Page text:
GBPUSD Rate Hits 9-Month High, Will the Pound Climb Higher?

Pound to Dollar Rate Recovers Losses

Sterling exchange rates have continued to climb steadily this week, as positive sentiment surrounding the UK continues to increase despite a potentially key end to the year for the UK moving forward. The headline grabber is likely to be the 9-month high for cable, which is a reference to the GBPUSD exchange rate. This has taken place as the pound is climbing across the board of major currency pairs whereas the US dollar has been weakening, hence the steep upward movements for GBPUSD in recent months. GBPUSD has climbed by over 6% in the past quarter, and with the pair trading around 1.33 at the moment they are just a couple of cents from the annual highs of 1.3515.

We’ve seen a boost to sentiment towards the UK and the pound’s value for a few reasons, one of the mains reasons in the financial headlines pertains to the strong property market within the UK at present. Mortgage approvals for July exceeded expectations after rising by over 66k, and according to Nationwide, house prices rose in August by their highest amount in 16-years. The drops in May and June have been reversed, and they’re now sitting at all time highs according to one of the UK’s largest lenders.

News came out this morning that new mortgage approvals are a concern as lenders tighten their offerings due to concerns over the property market in future due to job instability, but in general the mood is positive. Nationwide commented that the increased activity in the sector has been ‘unexpectedly rapid’.

UK household spending has also increased according to data released by the Bank of England earlier this week, and last month we found out that Retail Sales within the UK are also improving which is great news for the UK owing to the services sector covering around 80% of the UK economy.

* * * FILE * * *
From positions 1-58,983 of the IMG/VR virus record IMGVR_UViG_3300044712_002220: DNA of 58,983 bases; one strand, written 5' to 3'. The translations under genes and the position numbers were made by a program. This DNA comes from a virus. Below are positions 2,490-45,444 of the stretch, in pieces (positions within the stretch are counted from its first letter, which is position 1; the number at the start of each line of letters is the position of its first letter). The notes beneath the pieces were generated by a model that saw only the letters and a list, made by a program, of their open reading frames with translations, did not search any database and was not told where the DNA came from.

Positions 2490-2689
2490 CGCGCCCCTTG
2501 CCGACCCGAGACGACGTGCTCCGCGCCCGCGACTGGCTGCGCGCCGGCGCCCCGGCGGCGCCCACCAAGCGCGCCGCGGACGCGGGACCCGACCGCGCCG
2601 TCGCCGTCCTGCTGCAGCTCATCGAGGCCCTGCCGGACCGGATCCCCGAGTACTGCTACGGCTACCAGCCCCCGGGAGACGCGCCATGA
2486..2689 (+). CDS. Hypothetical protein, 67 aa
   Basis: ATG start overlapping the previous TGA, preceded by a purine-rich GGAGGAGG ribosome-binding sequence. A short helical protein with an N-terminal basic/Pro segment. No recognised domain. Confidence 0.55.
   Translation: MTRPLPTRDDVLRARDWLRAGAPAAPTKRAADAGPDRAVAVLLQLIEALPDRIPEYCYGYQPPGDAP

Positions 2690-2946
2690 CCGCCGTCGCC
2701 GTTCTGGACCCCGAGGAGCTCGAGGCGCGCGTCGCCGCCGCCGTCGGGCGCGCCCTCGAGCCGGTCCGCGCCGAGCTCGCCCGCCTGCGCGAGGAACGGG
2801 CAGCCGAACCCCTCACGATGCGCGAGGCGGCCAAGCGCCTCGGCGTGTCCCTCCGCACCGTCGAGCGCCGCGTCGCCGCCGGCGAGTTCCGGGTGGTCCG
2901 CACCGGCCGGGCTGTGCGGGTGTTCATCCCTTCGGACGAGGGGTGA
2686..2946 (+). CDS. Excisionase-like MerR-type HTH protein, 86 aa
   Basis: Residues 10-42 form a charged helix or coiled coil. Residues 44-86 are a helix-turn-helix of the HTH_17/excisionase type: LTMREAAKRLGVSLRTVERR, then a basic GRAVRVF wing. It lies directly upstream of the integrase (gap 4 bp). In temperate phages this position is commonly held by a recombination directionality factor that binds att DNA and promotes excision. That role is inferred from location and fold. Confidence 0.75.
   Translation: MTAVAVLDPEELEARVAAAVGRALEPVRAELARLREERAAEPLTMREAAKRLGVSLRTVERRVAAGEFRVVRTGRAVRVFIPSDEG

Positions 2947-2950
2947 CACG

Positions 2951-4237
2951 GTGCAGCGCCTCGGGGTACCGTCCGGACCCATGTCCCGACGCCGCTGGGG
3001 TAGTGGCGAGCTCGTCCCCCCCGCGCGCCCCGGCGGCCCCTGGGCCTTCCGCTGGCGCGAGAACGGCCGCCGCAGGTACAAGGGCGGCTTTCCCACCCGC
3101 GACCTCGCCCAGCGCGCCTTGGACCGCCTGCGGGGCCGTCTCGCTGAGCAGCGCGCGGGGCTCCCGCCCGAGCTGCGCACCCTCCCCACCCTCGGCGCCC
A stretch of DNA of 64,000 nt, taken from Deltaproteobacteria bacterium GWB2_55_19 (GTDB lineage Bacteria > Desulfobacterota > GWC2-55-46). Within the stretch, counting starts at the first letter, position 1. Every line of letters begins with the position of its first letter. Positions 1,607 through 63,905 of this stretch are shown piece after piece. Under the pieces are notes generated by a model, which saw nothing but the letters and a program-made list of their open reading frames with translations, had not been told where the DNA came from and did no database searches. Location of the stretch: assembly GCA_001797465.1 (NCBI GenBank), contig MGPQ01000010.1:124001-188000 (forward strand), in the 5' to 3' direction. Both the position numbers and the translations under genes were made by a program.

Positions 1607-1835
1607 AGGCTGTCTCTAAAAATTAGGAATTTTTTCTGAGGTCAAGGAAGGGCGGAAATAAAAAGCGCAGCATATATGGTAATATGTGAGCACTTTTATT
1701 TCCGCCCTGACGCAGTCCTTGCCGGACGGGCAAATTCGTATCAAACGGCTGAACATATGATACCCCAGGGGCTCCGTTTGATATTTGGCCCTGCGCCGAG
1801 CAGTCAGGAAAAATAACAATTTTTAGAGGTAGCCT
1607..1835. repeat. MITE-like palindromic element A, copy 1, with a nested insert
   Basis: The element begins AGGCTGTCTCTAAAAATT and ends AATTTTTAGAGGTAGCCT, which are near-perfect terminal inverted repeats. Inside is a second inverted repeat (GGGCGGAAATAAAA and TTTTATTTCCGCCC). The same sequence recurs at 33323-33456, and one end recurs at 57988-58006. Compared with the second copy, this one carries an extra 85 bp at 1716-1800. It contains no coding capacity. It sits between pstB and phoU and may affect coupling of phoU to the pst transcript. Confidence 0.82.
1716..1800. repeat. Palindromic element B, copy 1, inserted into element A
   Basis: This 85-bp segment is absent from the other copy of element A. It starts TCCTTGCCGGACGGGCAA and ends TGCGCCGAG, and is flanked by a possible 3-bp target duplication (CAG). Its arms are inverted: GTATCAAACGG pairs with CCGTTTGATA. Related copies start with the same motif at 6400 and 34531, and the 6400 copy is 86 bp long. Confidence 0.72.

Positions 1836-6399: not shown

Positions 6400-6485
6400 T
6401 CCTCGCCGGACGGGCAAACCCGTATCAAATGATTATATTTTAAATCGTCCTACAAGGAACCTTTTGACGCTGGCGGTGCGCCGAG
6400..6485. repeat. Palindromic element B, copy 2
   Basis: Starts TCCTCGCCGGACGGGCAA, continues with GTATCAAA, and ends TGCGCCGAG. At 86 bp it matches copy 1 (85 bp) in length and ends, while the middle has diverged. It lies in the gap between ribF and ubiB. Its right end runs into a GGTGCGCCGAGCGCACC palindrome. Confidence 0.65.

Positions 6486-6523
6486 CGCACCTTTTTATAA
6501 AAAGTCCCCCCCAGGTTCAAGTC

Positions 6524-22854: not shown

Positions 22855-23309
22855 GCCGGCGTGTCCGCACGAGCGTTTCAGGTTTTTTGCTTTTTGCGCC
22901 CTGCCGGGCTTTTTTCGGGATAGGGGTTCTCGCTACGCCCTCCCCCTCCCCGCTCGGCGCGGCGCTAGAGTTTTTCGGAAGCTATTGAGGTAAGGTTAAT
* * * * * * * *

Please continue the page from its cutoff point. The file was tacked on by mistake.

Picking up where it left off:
Covid-19 remains an ongoing issue, especially as we head into winter which is expected to bring above further waves of the coronavirus strain. At present a number of European countries appear to be having second waves already making it difficult for the aviation sector to get back up and running. Updates regarding the virus carry the potential to impact Sterling exchange rates as we saw earlier this year. When news broke of the seriousness of the COVID-19 impact UK stock market’s and the pound were targeted and the GBPUSD rate fell to the lowest level in over 30-years, with the pair falling as low as 1.15, which is 18-cents from their current position.
To end the week economic data out of the UK is actually very light, with tomorrows speech from the Bank of England’s Michael Saunders being perhaps the key moment as the markets will look out for references to future monetary policy from the BoE.

Over in the US though there could be a busy end to the week, as the monthly Non-Farm Payrolls will be released on Friday along with the unemployment rate. This monthly release covers the health of the jobs sector stateside with the exception of agricultural jobs, hence the term non-farm. This release carries the potential to cause big market swings owing to the significance and with EURUSD being the most frequently traded pair, there can be an influence on the Euro as a result of the release.

The Euro has also been strengthening against the US Dollar and there are expectations that the European Central Bank may step in the curtail the strengthening EUR/USD rate in case it makes the Eurozone less competitive. This could also have an impact on GBPEUR so this is another topic to be aware of it you’re monitoring the pound’s value.

Aside from this week’s data I think that September and early October could be key for the UK moving forward, as trade talks between the UK and EU negotiators are expected to lead up until early October. The UK is in the process of departing the EU and the current transitional deal expires at the end of the year. Hopes are for the deal to be agreed upon by October so there could be market movement depending on the outcome of the talks and the headlines surrounding them. Get in touch using the form below if you’d like to discuss these factors in more detail. I’ll be happy to contact you personally and discuss your enquiry.